The improbable rise of Jeremy Corbyn
George Morgan Sydney Morning Herald 5 JUNE 2017
In late 2015 I had just arrived in London on sabbatical and was staying in a scruffy part of the city's north – full of cultural diversity and social disadvantage. On the first morning, as I emerged from my basement flat in search of the Sunday papers, a woman came towards me brandishing a greeting card and pen.
"Would you like to sign?" she asked. Just up the road was the strangely incongruous sight of a group of photographers pointing lenses at a modest '60s maisonette. "It's a congratulatory card," she explained, "from his neighbours to Jeremy. He's won."
Labour leader Jeremy Corbyn greeting supporters on the final week of the election campaign. Photo: Getty Images
Corbyn's rise is a most improbable political story. A complete outsider more at home marching with the comrades than debating in the Commons, he fought against apartheid, welfare cuts, privatisation and successive Gulf wars. He was on the progressive side of every major vote in his long parliamentary career.
In this week's election Corbyn is pledging to create a million new jobs and to scrap zero-hours contracts. Photo: Getty Images
The grim technocrats who ran Labour for a generation despised him or, at best, saw him as a sort of harmless beatnik curio. In the era of spin, a man who bought his clothes from the co-op supermarket and spent weekends tending cabbages on his allotment was never going to be taken seriously as a politician.
He made it onto the ballot paper only because a few MPs with no intention of voting for him signed his nomination form. They wanted to broaden the debate, but Corbyn's candidature prompted thousands of supporters to join the party. Under a system where the votes of ordinary members carry considerable weight, he won by a large margin.
Then a second ballot produced another emphatic Corbyn victory despite the fact Labour MPs had lined up to deliver withering public denunciations of a sort that would have sent most of us under the doona, sobbing. He responded to these attacks with an almost saintly forbearance.
Corbyn's equanimity comes from a sense that his constituency is beyond Westminster; that it is possible to cut through the white noise of public life – and the bilious scorn of the tabloids – by speaking directly to working people in the old-fashioned language of redistribution and social democracy. When radical MP Tony Benn retired from parliament in 2001, he declared he now intended "to devote more time to politics". Corbyn too, sees politics as a vocation, not a career.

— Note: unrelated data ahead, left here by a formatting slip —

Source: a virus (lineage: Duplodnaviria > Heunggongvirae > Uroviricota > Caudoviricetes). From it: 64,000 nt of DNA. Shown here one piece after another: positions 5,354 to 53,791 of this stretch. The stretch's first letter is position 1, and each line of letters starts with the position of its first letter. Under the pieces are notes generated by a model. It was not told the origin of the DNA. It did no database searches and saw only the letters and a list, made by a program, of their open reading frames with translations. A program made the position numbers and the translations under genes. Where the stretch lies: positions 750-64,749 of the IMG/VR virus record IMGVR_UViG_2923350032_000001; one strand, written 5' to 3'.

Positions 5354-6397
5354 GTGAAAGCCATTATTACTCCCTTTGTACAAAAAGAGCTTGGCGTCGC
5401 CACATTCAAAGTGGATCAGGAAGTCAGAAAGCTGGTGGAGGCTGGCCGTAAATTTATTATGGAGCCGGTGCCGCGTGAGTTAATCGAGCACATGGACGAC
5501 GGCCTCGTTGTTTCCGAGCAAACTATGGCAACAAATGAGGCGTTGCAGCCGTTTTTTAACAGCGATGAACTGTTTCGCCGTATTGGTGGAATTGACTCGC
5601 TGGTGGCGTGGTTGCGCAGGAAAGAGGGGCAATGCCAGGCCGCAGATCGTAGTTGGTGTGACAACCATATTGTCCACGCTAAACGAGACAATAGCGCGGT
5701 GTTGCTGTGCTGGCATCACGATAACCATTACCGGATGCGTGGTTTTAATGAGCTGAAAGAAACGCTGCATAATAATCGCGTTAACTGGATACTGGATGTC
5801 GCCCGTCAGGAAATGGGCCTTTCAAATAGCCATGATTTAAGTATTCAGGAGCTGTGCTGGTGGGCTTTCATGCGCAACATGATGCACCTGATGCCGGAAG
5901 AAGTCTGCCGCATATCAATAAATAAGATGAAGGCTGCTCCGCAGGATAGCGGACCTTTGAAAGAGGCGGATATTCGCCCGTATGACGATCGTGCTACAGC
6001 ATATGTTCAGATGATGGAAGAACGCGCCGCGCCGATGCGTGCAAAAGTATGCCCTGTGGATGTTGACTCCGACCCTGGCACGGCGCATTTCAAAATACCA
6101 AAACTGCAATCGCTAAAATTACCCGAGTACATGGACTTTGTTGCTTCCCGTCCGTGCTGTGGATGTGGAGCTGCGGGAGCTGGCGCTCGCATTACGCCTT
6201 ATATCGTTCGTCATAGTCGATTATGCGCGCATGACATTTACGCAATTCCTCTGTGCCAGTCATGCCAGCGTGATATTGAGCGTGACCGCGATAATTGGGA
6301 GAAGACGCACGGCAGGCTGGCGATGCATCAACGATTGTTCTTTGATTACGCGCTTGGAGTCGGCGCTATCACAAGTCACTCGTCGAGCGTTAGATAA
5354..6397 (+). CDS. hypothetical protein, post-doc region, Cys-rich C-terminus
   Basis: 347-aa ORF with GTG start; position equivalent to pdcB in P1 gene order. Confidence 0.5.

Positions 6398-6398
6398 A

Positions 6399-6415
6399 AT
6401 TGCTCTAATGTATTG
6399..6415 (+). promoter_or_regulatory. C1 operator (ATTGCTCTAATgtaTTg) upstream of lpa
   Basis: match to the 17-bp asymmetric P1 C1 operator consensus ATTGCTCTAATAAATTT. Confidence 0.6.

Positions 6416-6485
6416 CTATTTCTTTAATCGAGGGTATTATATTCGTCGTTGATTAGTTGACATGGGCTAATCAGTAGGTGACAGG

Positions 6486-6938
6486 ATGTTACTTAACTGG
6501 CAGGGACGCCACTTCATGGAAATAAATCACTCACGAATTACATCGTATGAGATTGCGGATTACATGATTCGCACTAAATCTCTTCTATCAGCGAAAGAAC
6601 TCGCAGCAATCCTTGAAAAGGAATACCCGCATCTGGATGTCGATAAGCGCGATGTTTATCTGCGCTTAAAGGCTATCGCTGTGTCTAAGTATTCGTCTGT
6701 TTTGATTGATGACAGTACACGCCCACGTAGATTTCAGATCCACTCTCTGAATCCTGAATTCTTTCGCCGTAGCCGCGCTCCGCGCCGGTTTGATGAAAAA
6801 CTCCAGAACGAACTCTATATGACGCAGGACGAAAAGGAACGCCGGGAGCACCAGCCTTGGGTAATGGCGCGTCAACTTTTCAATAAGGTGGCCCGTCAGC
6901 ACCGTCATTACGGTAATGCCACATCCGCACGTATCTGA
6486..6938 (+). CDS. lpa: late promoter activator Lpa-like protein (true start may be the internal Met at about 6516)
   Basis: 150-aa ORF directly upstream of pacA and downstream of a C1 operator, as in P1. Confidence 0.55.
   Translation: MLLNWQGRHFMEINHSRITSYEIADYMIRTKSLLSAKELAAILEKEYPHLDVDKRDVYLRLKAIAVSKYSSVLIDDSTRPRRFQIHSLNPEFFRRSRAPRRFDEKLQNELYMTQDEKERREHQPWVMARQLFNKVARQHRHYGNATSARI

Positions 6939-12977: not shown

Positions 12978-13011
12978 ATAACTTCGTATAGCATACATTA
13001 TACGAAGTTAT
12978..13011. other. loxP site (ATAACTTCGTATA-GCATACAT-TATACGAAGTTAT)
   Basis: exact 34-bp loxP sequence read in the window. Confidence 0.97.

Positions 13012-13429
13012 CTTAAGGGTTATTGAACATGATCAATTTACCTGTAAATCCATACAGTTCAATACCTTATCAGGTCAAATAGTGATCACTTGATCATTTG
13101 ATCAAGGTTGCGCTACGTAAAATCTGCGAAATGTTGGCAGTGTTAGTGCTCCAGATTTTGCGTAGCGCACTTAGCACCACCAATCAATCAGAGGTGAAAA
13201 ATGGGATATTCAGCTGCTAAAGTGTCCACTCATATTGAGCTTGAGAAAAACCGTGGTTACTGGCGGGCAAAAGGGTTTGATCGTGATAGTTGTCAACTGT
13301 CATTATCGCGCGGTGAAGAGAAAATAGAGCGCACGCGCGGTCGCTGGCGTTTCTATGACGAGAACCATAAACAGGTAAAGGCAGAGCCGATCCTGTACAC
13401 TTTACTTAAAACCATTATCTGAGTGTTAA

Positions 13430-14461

Like Bernie Sanders he has thrived on the campaign trail, delivering passionate stump speeches to adoring crowds, with plenty of spontaneity, warmth and popular engagement. Theresa May, by contrast, appears wooden, remote and scripted.
The media paint Corbyn as a hard left ideologue, but Labour's manifesto simply revives the Keynesian tax-and-spend politics of social democracy, an approach Tony Blair jettisoned in favour of neo-liberalism. There is nothing frightening or outrageous in promising more resources for public health, transport and education. The nearly 30-point opinion poll lead the Tories enjoyed early in the campaign has narrowed to just a few points in the lead up to polling day.
But to win the election Labour must court the sort of voters who preferred Trump to Clinton last year. Those from the rustbelt towns are suspicious of the inner urban cultural elite members, which are well represented among Corbyn's constituents in Islington. As Simon Kuper wrote in the Financial Times the poor and disenfranchised don't believe those who "talk equality while living privilege".
Although Corbyn has been described as looking more like a geography teacher than a leader of the working class, he nevertheless has the common touch. When asked whether he would move into Downing Street if he became Prime Minister, he said, "I did not become leader of the Labour party to get a new house. There are going to be pressures. Security issues, no doubt. But I like where I live.
My neighbours like me being there as well, most of the time." I can vouch for that.
George Morgan is associate professor in the Institute of Culture and Society and the School of Humanities and Communication Arts at Western Sydney University.